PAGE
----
Governors back to drawing board after Building Bridges Initiative collapse

Monday, August 30th, 2021 00:00 |
President Uhuru Kenyatta (right) and ODM leader Raila Odinga display BBI document when they toured Kisii County to popularise the document. Photo/PD/File

Second-term governors who had pegged their hopes of remaining politically afloat after 2022 on the implementation of the Building Bridges Initiative have now been forced back to the drawing board following the recent judgement.

Through the passage and implementation of the Constitutional Amendment (2020) Bill, the governors whose term comes to an end next year, had hoped to benefit from an expanded Executive.

The bill, which was buried by the Court of Appeal a week ago, had proposed the appointment of ministers from both inside and outside Parliament, a move that had enticed the 21 retiring governors to support the then anticipated constitutional referendum. 

Machakos Governor Dr. Alfred Mutua, who is serving his last term, said some of his colleagues must make decisions based on the current reality.

“It is the new reality that all of us must review our previous strategies based on it.

The judgement on BBI requires us to go back to the drawing board and make individualised decisions,” said Mutua, who maintained that his presidential ambitions are still on course.

With the current law barring them from seeking another term, the governors had pegged hopes of getting political lifeline through BBI.

Open doors

Some had boarded the BBI train, with fingers crossed and praying for  its success, which was likely to open doors for more plum positions, such as Prime Minister that they could clutch on.

Others had already announced their intentions to opt for parliamentary seats with their eyes on Cabinet slots.

Governors Hassan Joho (Mombasa), Amason Kingi (Kilifi), Mutua, Kivutha Kibwana (Makueni) and Mwangi wa Iria (Murang’a) have hinted that they will vie for the presidency, although pundits claim their plan may have been a decoy to position themselves in their respective counties and in the end entice strong candidates to consider them for coalitions in the spirit of inclusivity.

The same challenge faces Opposition leaders Kalonzo Musyoka (Wiper), Musalia Mudavadi (ANC), Moses Wetang’ula (Ford Kenya) and Gideon who were hoping to cobble together line-ups based on the expanded structure of the Executive that was proposed in the BBI. It had proposed creation of the position of PM with two deputies.

“The move by the Appellate judges to uphold the annulment of BBI  by the High Court definitely dealt a major blow to the governors, who had high hopes of serving as deputy prime ministers or Cabinet Ministers by running for parliamentary seats.

The judgement has left many of them in shock and they are hoping there shall be an appeal at the Supreme Court or else most will choose unplanned retirement,” Peter Ng’ethe, a political scientist told People Daily yesterday.

For instance, Joho, who has been a proponent of BBI, has been engaged in national politics where he was also pushing for the expansion of the Executive, and some of the President’s confidants were considering him for the deputy PM’s position.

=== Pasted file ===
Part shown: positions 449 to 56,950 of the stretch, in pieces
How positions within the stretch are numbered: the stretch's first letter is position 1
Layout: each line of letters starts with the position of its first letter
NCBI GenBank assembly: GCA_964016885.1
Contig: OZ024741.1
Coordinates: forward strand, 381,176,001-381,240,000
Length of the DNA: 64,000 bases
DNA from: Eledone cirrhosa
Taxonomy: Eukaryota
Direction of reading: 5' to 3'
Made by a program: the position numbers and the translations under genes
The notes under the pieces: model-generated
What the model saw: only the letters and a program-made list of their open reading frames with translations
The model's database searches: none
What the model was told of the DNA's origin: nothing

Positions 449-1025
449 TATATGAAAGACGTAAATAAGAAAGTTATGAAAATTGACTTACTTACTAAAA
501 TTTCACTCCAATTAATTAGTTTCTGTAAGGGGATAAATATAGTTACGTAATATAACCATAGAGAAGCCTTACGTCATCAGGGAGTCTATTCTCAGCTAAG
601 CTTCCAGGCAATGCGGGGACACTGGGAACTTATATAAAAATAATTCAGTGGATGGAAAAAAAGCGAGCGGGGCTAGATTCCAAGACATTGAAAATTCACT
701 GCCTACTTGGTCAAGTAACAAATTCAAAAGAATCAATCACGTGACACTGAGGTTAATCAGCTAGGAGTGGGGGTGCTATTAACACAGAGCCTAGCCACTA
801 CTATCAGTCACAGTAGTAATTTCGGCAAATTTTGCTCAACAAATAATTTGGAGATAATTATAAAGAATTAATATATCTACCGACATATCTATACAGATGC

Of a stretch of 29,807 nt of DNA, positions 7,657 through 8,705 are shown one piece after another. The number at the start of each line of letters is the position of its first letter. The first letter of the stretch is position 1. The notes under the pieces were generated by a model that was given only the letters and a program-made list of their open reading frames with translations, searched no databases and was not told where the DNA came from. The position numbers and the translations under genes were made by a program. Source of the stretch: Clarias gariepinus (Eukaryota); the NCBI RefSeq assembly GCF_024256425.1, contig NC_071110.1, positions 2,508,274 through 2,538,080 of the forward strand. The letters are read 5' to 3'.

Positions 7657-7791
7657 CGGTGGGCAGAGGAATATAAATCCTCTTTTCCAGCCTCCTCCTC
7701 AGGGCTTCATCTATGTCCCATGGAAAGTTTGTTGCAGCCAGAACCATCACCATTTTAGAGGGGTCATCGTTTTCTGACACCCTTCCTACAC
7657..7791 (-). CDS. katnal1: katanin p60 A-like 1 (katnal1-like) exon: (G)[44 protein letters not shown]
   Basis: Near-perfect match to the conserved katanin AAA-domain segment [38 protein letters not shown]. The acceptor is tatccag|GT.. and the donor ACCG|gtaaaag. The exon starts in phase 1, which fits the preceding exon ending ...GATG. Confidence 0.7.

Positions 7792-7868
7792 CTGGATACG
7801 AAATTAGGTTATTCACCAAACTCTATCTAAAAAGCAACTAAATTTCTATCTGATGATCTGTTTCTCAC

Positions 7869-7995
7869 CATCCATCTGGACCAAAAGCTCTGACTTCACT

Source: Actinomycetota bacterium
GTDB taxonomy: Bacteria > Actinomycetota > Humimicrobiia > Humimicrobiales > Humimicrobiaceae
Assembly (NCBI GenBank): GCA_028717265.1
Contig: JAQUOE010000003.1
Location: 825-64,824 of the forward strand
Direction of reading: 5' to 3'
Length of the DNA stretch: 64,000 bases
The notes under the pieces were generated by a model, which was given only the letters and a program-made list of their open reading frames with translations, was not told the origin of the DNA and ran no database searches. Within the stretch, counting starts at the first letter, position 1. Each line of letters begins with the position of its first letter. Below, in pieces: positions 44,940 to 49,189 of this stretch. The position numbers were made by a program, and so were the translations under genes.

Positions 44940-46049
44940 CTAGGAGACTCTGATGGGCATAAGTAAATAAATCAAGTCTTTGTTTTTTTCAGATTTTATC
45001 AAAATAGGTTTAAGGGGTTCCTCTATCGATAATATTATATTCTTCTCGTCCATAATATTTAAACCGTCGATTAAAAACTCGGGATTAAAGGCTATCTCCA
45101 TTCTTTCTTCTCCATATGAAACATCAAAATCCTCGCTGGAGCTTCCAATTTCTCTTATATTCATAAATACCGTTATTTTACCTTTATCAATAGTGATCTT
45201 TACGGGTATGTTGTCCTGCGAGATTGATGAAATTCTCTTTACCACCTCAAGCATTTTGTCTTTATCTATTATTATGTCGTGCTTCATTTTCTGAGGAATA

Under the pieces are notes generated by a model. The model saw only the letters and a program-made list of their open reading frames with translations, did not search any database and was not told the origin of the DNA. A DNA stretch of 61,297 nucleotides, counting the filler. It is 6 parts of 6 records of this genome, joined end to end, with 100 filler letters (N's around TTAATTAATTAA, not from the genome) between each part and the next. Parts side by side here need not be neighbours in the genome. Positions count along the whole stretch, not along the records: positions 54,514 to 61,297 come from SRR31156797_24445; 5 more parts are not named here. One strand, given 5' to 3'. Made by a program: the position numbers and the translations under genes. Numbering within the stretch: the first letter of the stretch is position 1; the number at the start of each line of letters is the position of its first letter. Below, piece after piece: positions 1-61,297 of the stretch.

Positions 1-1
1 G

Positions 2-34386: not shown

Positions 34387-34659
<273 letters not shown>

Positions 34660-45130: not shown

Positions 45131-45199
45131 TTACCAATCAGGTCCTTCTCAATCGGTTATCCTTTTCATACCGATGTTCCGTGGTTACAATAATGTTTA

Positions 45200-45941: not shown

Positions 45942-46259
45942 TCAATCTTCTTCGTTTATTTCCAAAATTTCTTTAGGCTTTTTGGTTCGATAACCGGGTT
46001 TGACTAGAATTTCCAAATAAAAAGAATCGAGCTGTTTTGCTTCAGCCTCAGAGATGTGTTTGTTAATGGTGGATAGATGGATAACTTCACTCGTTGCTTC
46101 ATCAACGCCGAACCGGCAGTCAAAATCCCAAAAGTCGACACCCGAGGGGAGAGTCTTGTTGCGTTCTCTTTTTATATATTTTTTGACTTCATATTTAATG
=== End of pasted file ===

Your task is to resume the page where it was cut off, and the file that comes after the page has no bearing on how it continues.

Ministerial position

Kakamega Governor Wycliffe Oparanya had initially declared to contest for the presidency but later dropped the bid in favour of ODM leader Raila Odinga.

Mutua, who has been crisscrossing the county popularising his Maendeleo Chap Chap party, was reportedly being considered for a ministerial position. 

However, Ng’ethe argues that all is not lost, saying they will be required to work harder to make themselves factors in the regional and national politics to attract presidential candidates, who may consider them for positions of Speakers in both Houses of Parliament, CSs or other high-profile Government appointments. 

Then there are those who may consider contesting for the presidency such as Wa Iria, who has kicked off what he wants his backers to believe is a serious presidential ambition under Usawa party.

Ng’ethe argues such a move would not be a walk in the park for such individuals due to the costs implication and logistics. 

“I see a situation where they will form their own regional parties to negotiate with presidential election front runners for Cabinet posts should they deliver the votes.

There are those who will choose to go for the presidential seat till the end, though it will be a tall order,” he said. 

Second-term governors who had been linked to parliamentary seats include Elgeyo Marakwet’s Alex Tolgos, Jackson Madango (Uasin Gishu), who may opt for the Senate seat, Paul Chepkwony (Kericho) was reportedly planning to swap with Senator Aaron Cheruiyot, Busia’s Sospeter Ojamoong, who is said to have confided to his ministers that he would contests for Teso South seat; Okoth Obado (Migori) and Narok’s Samuel Tunai.

Tolgos had intended to wriggle his way into the Cabinet through his support of a popular presidential candidate, who would subsequently reward him for the support.

“I am looking at the national level because from the way things are, at the county, one can only go for the Senate seats.

But for me, since BBI has proposed that ministers will be MPs, I could go for a parliamentary seat while working with a presidential candidate.

My focus is a ministerial post or better still be nominated as a professional,” the governor said recently.

Indeed, Tolgos has been the only governor from the North Rift who has been supportive of BBI, and has been warming up to Baringo Senator Gideon Moi, who is also eyeing the presidency.

Gideon has been working with Raila and President Uhuru’s allies to craft a 2022 succession plan.

Two former governors Peter Munya (Meru), Ukur Yatani (Marsabit) and former aspirants are said to be eyeing their former positions in the next General Election.

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